Platform ‘is not accessible anymore as of today, due to a contractual dispute’, the Commission announced on 2 June. Start-ups are happy to see the complex submission process go – but question closing it five days before a call deadline
The European Innovation Council’s (EIC) bespoke submissions platform for start-ups applying for grants and equity has been shut down with no prior warning. The Commission has blamed a contractual dispute but provided no further explanation.
As an “emergency measure” submissions to the €7 billion EIC Accelerator programme have been transferred to the general Horizon Europe Funding and tenders opportunities portal.
The move has required the EIC to restructure its application forms to fit the traditional R&D grant proposal format used in the Horizon Europe portal. Start-ups that are in the second stage of applying for grants and equity will need to transfer it to new applications forms, while those in the first stage of applying to the accelerator won’t be able to submit applications until a new IT platform is put in place. The Commission estimates this will be in early July 2023.
Many are happy to see the old platform go – it has been plagued by various shortcomings and was often said to lack quality – but the abrupt communication threw many off kilter just a few days before an EIC Accelerator call deadline on Monday, June 5.
This deadline has been postponed by two weeks to give applicants extra time to deal with the change.
The bespoke EIC Artificial Intelligence Platform was designed to allow the submission of Accelerator proposals, for which the existing Commission IT tools were not suitable. It was the first platform to allow the submission of business plans to a Commission programme for evaluation, and to provide an AI-based self-diagnostic tool for applicants.
However, there has been a large amount of negative feedback about the length and complexity of the process, the lack of integration/interoperability with other widely used platforms, redundant or missing information, and technical shortcomings.
Emmanuele Angione, managing partner at the innovation consultancy Lira, says axeing of the platform is welcomed by both companies and consultants, who now hope for an improved submission process.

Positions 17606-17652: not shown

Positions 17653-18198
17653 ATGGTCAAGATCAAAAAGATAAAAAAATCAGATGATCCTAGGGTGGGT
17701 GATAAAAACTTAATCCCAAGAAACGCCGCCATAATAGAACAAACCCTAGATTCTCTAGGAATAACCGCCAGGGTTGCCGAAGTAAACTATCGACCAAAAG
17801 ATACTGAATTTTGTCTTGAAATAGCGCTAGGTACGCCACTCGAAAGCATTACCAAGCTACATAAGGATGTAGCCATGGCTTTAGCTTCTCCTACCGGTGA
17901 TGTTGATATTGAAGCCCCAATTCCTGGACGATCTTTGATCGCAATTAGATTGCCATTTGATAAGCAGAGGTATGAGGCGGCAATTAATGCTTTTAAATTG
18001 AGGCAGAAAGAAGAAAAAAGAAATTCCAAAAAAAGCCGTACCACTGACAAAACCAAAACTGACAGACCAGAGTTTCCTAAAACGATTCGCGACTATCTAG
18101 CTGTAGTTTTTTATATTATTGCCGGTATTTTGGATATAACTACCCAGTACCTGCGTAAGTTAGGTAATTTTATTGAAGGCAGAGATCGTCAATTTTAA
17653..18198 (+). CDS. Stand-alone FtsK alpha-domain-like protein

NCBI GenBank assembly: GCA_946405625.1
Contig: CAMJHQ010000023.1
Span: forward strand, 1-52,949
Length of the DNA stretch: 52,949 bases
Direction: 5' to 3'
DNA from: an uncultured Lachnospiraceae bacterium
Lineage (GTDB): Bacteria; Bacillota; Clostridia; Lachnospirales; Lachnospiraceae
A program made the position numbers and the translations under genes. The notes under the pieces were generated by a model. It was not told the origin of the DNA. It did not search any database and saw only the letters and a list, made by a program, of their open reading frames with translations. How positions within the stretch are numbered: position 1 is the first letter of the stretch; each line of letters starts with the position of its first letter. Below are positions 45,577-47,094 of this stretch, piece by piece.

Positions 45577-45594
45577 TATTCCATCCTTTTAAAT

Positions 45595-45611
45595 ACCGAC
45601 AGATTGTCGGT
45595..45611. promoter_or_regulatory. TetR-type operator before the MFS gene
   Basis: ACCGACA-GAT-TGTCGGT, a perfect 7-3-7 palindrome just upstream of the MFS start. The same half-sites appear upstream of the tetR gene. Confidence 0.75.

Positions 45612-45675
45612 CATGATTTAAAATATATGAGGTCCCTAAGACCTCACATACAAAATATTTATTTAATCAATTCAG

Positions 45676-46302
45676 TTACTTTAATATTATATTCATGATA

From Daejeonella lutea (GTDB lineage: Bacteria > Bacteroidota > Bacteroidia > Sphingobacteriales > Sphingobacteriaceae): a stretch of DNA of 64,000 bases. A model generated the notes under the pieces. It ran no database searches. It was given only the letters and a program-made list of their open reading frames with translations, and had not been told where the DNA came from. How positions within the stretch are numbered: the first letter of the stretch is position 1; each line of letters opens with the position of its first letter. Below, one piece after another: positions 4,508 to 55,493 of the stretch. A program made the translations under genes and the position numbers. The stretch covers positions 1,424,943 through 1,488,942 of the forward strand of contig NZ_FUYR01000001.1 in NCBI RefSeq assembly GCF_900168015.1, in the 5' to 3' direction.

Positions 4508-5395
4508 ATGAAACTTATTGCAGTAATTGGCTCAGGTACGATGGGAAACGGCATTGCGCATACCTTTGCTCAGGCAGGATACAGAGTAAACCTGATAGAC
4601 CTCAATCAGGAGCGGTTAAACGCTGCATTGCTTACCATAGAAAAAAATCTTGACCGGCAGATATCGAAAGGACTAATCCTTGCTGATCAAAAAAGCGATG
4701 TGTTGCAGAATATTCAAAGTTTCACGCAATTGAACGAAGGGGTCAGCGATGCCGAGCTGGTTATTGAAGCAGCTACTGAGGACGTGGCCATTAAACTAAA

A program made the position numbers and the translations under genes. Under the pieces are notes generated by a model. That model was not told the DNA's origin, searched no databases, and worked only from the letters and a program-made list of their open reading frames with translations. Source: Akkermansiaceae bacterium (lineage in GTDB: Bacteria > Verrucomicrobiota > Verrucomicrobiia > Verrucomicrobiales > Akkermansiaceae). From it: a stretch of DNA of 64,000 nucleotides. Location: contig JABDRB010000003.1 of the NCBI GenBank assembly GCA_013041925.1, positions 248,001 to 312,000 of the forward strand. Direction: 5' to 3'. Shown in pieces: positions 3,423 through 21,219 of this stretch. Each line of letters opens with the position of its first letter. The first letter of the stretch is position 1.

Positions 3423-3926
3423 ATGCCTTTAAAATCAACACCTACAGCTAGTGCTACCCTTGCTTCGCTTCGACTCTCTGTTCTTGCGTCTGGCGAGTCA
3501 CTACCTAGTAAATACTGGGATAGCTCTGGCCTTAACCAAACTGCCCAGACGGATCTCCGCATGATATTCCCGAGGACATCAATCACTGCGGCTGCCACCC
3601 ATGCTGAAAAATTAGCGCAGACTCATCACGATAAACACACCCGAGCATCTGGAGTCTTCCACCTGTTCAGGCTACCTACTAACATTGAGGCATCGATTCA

“It came as no surprise to see [the AI] platform discontinued, however, to do that five days before the June cut-off deadline was not ideal,” said Angione. “All the stakeholders now expect more transparency on what to expect for the last cut-off of 2023 and the next four years.”
David Arias, start-up and funding adviser at Strata, says companies are surprised and frustrated. “No one expects this kind of last-minute radical change from a European organisation. Some founders think it is really striking that start-ups are requested to make such long-term plans for the application while the EIC seems to be unable to make proper annual plans,” he said.
“The EIC must be aware that start-ups put a lot of resources and effort into these applications and therefore should plan and communicate properly any change in the application process or deadlines with much more anticipation,” said Arias.
The EIC AI platform was custom-made for the EIC Accelerator, the €1 billion a year funding scheme that provides European companies with combined equity and grant financing, in an attempt to supercharge innovation and help start-ups scale up.
The platform was developed by the Innovation Loop, a company set up in 2017 by Marc Loher, a former R&I consultant, who worked for the Commission’s research directorate for six years until 2003.
Innovation Loop was selected to run the project in 2020 ahead of the EIC’s 2021 launch as part of the €95.5 billion Horizon Europe research programme. All this happened “in a very short period of time to accommodate new features,” the Commission says. At this time, the application process that had been used in the earlier pilot of the Accelerator was revamped to fit the platform.
Angione said the design of the platform had major issues from the start and was badly designed.
Arias is less critical, but says that while the platform was functional, some questions were confusing and repetitive, requiring a lot of time and effort to answer.
The complaints were bad enough that the EIC Board of experts appointed to help the Commission steer the strategy of the fund, published a statement in March calling for a major improvement.
This is not the first problem the EIC has run into. After launching with great fanfare in spring 2021, the EIC Accelerator failed to get its much-advertised novel equity funding out to selected start-ups until late 2022. That was because of an internal row in the Commission over the lack of internal expertise in conducting due diligence and the greater risk attached to making equity investments as opposed to awarding grants.
For a while the problems held up grant financing that accompanies equity, leaving cash-strapped companies in a dire situation.
After much bargaining within the Commission, the funds were finally unlocked when an external fund manager, Luxembourg-based AlterDomus, was picked to oversee the equity investments.
In a more recent change, the Commission moved part of the EIC management in-house, away from an executive agency. That followed months of rumours that the Commission wanted to tighten its grip on the fund.
The EIC Board wants the major improvement of the platform to include more user friendliness so that applicant companies can complete submissions with a proportionate amount of time and effort and without the support of external consultants; and for information prepared for the EIC submission to be reusable for other purposes, such as seeking private investment, and vice versa, so that information prepared for pitching to private investors can be reused for EIC submissions.